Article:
Your child may keep his or her clothes on during the procedure, but pants and underwear may need to be loosened and lowered slightly so that the doctor can reach the lower back.
The doctor will clean the area with a brown liquid and then use another wipe that will numb the area before the spinal tap.
The doctor will carefully insert a needle into the spinal canal. The doctor will then collect a small amount of fluid (about a teaspoon) to make room for the chemotherapy medicine.
The doctor will attach a syringe to the needle to inject the chemotherapy medicine.
Your child may react as if he or she is uncomfortable during the treatment. This reaction will stop once the needle is taken out. Please remember that while your child may seem to be awake and uncomfortable, the IV medication will keep him or her from remembering any pain later.
A Parent’s/Guardian’s Role During the Spinal Tap
The most important role of a parent or guardian during the procedure is to help your child stay calm and relaxed. The best way to help your child stay calm is for you to stay calm. Although your child may seem to be uncomfortable, rest assured that the medication will keep him or her from remembering any pain from the treatment.
You may stay near your child and hold his or her hand for comfort during the treatment.
You may bring along a “comfort” item—such as a favorite stuffed animal or “blankie”—for your child to hold during the spinal tap.
Please follow the instructions of the medical team and do not distract them or interrupt the treatment in any way.
We welcome your questions, but please ask them either before or after the treatment.
After the Spinal Tap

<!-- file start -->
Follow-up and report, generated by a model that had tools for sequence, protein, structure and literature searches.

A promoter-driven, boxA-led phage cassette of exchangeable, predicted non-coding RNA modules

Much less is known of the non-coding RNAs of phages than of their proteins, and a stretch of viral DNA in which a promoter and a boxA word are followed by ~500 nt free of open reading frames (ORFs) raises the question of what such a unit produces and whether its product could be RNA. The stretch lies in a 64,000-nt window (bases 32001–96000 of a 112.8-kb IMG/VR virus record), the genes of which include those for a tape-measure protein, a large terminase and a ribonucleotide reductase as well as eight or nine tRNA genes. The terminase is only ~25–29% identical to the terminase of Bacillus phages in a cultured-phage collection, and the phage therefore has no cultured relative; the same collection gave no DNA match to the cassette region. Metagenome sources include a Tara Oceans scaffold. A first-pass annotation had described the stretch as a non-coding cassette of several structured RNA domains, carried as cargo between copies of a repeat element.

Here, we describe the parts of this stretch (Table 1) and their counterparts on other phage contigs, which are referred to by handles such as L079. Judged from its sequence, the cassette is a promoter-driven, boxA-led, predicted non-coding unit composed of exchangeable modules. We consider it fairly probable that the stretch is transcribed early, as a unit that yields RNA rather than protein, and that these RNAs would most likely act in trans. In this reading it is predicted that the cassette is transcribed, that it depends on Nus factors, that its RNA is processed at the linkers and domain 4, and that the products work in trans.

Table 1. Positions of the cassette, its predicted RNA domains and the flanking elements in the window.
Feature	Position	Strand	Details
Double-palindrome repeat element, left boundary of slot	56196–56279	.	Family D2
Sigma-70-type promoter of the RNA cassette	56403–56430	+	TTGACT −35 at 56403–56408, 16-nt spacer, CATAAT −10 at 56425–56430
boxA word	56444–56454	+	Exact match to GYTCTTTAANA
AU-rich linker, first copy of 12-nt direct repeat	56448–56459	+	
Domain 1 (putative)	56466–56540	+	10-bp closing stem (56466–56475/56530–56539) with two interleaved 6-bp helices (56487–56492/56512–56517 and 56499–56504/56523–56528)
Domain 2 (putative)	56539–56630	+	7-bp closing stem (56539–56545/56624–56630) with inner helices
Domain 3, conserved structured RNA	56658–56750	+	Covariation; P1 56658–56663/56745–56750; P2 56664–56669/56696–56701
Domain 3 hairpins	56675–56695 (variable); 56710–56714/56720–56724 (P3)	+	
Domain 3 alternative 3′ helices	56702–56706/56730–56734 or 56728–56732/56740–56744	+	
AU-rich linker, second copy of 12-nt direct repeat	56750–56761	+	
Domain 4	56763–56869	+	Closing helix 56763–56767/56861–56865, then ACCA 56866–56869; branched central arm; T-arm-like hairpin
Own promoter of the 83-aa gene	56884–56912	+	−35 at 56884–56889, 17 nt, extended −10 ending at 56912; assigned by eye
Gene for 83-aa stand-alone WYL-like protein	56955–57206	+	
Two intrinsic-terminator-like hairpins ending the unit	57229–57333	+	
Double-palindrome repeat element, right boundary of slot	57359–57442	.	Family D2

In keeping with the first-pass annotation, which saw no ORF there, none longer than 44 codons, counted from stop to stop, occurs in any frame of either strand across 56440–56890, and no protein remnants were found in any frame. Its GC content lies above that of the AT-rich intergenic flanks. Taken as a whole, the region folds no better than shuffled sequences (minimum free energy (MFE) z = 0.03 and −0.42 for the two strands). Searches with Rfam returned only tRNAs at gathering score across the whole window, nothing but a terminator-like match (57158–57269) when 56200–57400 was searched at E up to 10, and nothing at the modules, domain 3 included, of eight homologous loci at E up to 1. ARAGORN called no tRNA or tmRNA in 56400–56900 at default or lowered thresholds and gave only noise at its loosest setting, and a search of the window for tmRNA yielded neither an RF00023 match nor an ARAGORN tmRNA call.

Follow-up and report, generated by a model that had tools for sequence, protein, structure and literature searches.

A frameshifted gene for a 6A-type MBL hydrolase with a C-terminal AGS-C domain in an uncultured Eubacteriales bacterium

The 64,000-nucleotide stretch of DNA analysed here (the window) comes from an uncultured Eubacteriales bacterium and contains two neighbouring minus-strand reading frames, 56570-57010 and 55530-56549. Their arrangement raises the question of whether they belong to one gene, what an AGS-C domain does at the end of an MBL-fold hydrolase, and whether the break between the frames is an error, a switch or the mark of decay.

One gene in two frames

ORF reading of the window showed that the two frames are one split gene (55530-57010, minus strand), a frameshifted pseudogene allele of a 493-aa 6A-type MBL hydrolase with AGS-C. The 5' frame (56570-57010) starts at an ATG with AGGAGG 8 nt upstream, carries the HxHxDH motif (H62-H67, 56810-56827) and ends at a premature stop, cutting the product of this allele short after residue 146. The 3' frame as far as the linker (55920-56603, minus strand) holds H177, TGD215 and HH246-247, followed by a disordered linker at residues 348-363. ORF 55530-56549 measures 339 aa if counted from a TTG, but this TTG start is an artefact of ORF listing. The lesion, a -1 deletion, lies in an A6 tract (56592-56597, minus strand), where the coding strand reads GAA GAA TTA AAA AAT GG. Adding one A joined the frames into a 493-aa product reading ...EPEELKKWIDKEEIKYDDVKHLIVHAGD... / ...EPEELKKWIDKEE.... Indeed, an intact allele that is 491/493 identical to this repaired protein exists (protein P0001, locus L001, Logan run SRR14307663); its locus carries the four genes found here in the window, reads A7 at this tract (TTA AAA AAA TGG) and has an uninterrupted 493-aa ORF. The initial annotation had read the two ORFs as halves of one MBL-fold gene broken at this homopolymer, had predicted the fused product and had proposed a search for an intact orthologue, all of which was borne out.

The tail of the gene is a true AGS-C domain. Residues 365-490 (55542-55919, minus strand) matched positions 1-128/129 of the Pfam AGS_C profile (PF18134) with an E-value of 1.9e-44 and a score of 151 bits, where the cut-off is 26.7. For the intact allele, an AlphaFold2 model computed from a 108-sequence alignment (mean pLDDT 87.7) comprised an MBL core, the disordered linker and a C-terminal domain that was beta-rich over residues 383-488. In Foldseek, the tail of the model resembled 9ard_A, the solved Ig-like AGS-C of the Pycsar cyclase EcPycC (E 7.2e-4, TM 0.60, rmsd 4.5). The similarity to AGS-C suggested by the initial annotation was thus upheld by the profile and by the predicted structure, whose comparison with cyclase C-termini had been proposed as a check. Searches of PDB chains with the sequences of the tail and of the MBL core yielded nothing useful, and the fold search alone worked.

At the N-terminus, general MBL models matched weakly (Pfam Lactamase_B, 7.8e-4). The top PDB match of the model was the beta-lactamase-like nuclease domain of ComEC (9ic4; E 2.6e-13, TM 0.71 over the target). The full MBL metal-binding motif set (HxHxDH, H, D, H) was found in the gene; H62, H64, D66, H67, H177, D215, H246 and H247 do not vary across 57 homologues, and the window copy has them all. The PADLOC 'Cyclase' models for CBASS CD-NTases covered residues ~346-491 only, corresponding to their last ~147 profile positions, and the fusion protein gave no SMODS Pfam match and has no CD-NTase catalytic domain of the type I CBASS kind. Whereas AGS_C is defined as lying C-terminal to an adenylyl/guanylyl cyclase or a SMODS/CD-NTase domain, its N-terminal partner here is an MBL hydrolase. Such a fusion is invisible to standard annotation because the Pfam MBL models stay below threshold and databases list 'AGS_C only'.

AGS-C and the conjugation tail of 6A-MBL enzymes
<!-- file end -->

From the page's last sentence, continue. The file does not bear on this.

When all the medication has been injected, the therapeutic spinal tap is done.
After the procedure, your child will be asked to rest lying down for about 30 minutes.
Band-aids will be placed on the spots where the needle was inserted. They can be removed the next day.
Your child may be tender or sore in the area where the chemotherapy medication was injected. If so, he or she may take a mild pain reliever, such as Tylenol® or acetaminophen.
Your child may seem groggy after the treatment because of the IV medication. The length of time it will take the medication to wear off will vary, as some children take longer than others to become alert.
Your child may resume normal eating and drinking at the rate he or she is comfortable with when you get home.
Your child should rest quietly at home for the rest of the day and overnight. He or she should also not drive a car or ride a bike or scooter for the rest of the day.
The doctor will explain what was done during the treatment, and will be available to answer any questions you might have.
If your child has any special needs or health issues you feel the doctor performing the procedure needs to know about, please call the Division of Pediatric Hematology/Oncology at Children’s Hospital of Pittsburgh before the procedure and ask to speak with a nurse. It is important to notify us in advance about any special needs.
Division of Pediatric Hematology/Oncology
Children’s Hospital of Pittsburgh of UPMC
One Children’s Hospital Drive
4401 Penn Ave.
Pittsburgh, PA 15224
April 18, 2010
April 18, 2010